If the mood among trainers at Randwick last weekend was any indication, the topic of Junoob and Chris Waller’s fine evoked a range of apoplectic responses.

The bottom line as always is perception, and in this instance, the perception is that the level playing field does not apply in Sydney, and particularly to penalties for breaking the rules of racing, notwithstanding the circumstances.


Imagine the feeling among these same Sydney trainers when they read Kenny Callander’s column last Monday, which opened with this extraordinary statement: “How lucky are we Chris Waller was fined and not suspended after his horse Junoob returned a positive in the Group One Metropolitan. If he had been outed we might have fields with two or three runners instead of five and six”.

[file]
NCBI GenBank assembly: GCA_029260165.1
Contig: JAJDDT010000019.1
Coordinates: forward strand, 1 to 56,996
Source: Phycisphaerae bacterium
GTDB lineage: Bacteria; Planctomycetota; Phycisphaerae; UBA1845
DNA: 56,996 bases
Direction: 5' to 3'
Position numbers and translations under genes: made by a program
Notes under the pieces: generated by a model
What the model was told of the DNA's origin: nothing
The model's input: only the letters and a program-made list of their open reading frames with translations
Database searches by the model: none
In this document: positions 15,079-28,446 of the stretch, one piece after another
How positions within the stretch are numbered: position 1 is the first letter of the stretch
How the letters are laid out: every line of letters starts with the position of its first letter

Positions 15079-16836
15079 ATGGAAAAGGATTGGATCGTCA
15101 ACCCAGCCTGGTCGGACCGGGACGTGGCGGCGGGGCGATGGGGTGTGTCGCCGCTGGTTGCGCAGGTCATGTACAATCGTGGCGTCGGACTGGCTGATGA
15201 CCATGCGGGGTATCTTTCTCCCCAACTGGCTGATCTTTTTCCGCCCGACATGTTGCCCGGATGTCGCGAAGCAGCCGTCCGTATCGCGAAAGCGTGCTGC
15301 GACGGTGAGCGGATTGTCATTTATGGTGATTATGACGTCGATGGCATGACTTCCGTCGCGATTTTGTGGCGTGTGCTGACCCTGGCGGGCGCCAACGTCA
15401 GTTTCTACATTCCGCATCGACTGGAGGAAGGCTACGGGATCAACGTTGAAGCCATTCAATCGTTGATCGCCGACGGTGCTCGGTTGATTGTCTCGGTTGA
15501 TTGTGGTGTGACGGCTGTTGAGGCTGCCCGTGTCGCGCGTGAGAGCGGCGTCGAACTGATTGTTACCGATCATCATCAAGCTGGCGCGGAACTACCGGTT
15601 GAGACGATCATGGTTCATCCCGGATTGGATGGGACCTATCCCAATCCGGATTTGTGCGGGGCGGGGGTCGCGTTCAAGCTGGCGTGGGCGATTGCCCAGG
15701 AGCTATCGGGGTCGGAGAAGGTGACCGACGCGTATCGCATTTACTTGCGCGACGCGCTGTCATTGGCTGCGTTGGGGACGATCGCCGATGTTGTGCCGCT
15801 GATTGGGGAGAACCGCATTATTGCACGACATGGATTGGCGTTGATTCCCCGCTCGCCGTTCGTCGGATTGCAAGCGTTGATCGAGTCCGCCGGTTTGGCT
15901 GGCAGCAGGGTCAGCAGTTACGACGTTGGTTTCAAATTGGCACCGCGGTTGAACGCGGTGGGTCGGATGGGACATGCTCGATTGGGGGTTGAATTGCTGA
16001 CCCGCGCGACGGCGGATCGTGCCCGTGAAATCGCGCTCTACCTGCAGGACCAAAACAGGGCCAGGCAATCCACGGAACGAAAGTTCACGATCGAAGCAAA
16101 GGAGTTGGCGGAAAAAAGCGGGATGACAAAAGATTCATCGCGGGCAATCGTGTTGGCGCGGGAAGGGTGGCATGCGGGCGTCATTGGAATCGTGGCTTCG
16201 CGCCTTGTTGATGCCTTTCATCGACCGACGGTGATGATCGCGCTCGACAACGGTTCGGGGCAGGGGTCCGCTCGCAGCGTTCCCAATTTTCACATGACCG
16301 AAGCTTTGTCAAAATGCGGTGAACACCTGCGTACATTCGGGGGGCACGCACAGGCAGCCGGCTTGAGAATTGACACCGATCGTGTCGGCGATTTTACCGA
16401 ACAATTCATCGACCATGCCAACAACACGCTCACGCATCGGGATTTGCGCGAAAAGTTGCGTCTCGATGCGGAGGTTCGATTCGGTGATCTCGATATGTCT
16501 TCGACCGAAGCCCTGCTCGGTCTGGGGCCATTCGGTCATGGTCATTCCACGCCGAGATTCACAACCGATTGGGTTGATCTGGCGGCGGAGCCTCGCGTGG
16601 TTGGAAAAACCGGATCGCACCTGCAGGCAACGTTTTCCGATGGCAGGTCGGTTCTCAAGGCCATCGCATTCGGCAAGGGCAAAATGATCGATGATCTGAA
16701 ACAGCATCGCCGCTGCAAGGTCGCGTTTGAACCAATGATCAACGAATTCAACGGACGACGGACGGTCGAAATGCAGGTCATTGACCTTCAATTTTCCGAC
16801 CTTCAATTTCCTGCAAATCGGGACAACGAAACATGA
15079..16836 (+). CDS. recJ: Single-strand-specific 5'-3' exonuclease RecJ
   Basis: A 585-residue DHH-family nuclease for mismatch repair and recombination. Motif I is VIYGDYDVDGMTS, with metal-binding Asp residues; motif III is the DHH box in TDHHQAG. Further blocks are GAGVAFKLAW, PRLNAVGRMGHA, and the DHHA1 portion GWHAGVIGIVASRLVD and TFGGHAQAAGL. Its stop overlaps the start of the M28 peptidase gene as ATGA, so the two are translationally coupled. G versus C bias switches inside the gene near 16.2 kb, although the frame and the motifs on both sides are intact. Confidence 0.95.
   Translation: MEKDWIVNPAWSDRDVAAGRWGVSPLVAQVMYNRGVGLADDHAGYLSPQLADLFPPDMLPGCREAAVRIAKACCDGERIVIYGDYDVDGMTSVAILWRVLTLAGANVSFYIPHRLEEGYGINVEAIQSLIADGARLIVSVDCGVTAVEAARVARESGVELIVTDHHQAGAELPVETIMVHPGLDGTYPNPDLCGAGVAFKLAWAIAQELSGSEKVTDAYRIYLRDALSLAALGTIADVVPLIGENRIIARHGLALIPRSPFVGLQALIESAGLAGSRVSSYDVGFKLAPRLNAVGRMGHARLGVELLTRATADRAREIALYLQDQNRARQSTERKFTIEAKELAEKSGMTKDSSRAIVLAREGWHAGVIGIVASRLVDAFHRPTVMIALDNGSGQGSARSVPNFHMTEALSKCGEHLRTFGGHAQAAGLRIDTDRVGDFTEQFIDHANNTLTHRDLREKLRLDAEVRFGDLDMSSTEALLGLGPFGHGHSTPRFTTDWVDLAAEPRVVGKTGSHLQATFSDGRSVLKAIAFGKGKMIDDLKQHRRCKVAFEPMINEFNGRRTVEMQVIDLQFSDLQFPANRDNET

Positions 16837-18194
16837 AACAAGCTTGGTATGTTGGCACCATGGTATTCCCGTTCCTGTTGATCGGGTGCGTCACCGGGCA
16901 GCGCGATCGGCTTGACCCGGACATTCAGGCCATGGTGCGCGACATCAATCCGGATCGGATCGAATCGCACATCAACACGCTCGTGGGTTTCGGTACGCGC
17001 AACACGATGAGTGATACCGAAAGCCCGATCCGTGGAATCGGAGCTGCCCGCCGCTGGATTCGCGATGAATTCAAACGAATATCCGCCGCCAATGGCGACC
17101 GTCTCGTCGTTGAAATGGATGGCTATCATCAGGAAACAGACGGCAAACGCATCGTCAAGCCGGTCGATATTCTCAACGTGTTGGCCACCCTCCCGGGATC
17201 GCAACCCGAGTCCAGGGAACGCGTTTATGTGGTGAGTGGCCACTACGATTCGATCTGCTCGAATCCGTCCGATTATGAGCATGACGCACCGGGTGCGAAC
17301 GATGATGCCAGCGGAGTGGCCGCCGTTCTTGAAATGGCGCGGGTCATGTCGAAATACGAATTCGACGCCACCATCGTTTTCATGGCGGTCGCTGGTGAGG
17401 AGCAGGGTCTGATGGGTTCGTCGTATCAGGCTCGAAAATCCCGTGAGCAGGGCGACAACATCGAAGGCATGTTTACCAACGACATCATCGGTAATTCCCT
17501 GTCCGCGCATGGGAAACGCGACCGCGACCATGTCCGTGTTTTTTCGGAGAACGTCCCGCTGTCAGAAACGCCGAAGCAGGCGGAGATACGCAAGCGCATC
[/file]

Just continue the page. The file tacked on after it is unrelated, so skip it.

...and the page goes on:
Yes, you read it right. Dear old Kenny, for whom we do have the utmost respect, must have been having a serious senior moment.

senior moment

Surely Kenny, you can’t be serious??? Yes, we know you are on the Board of the Chris Waller fan club- and you are not alone. Chris is a fine trainer and his best is ahead of him.

But give us a break, Kenny. Field sizes have never- and should never- determine penalties for breaches of the rules of racing. You are drawing a very, very long bow, Kenny. And yes Kenny, you’re on the money here: Chris Waller has been propping up Sydney racing for too long. But that’s a separate issue.

Equally intriguing about this whole bizarre episode was the revelation by Fairfax racing writer Chris “the rooter” Roots of the “stable’s (Waller stable), use of the drug (Lasix) routinely used on horses before they work fast”.

According to his piece, the horses are treated at 3.30am to reduce their chance of bleeding and add to longevity.